Intestinal bacterium Akkermansia curbs obesity

17 May

May 15, 2013 ? A dominant and useful bacterium called Akkermansia muciniphila is present in the intestinal system of all humans, from babies to the elderly. This microorganism is found in the intestinal mucus layer that protects against intruders. Even more remarkable is that this bacterium has a favourable effect on the disrupted metabolism associated with obesity.

Prof. Patrice Cani from Brussels and Prof. Willem de Vos from Wageningen University, together with their colleagues, published these findings in the scientific journal Proceedings of the National Academy of Sciences (PNAS). They see potential in deploying Akkermansia bacteria to further understand and treat obesity and medical consequences.

Obesity and type 2 diabetes are both characterised by symptoms including inflammation, changes in the composition of the intestinal bacteria and the disruption of the natural barrier in the intestines. Ten years ago, researchers at the Laboratory of Microbiology at Wageningen University, part of Wageningen UR, discovered the bacterium Akkermansia muciniphila (named after the Wageningen microbial ecologist Dr Antoon Akkermans, 1941-2006), which was able to grow in the mucus layer of the intestines. The bacteria were apparently present in large numbers in humans (and rodents) that were not overweight. Fewer were present in humans and rodents with inflammations or obesity. The microbiologists at Universit? Louvain in Brussels and their Wageningen colleagues wondered what the role of this bacterium could be.

In the article that appeared on 13 May in the journal Proceedings of the National Academy of Sciences, the research team concluded that the bacteria are less frequent in mice with induced obesity and with type 2 (adult-onset) diabetes. Furthermore, administering rather indigestible fibres such as oligofructose, known for its advantageous effect on intestinal biota, resulted in a recovery of the Akkermansia population in mice. The presence of the bacteria strengthens the intestinal barrier and is also inversely correlated with weight increase (fat storage), inflammation reactions in fatty tissues and insulin resistance. However, is there also a causal relationship between the favourable developments and the occurrence of Akkermansia bacteria?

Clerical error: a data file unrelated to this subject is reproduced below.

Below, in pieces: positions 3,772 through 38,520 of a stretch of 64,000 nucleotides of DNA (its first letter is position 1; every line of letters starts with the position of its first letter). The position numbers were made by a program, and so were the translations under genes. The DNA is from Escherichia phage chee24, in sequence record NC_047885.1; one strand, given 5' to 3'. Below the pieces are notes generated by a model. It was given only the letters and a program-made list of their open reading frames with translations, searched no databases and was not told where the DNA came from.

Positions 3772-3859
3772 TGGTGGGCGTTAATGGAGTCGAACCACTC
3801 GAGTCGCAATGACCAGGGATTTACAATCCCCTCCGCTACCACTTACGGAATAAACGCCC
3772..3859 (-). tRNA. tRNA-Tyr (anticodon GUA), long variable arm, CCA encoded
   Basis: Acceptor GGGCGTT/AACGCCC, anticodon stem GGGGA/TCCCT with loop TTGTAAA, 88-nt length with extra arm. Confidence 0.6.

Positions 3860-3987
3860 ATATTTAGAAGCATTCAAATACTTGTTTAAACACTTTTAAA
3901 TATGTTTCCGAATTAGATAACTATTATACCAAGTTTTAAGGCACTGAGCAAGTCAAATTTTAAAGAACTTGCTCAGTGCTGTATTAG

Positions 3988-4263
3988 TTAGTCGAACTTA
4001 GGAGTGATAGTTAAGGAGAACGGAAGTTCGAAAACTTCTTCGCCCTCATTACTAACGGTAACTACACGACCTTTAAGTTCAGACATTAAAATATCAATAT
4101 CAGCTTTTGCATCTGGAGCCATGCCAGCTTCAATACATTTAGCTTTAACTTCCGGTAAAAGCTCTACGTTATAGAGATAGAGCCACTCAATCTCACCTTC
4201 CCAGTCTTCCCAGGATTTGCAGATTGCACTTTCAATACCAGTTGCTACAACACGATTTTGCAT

To check that, the researchers administered Akkermansia bacteria to ordinary mice on various diets. With a normal diet, no effect was noticed but in mice that became overweight as a result of a high-fat diet, the Akkermansia bacteria caused a reduction in fat development and associated metabolic defects, without affecting food intake. After the administration of Akkermansia bacteria, there was an increase in endocannabinoid levels, a substance that ensures blood glucose remains at the correct level. In addition, the intestinal barrier function was strengthened. Only intact, living bacteria produced these results; the researchers noticed that bacteria that had been heated beforehand had no effect. Although human studies have not yet been carried out, the results seem to show potential; a treatment with Akkermansia bacteria could reduce inflammation and may prevent obesity.


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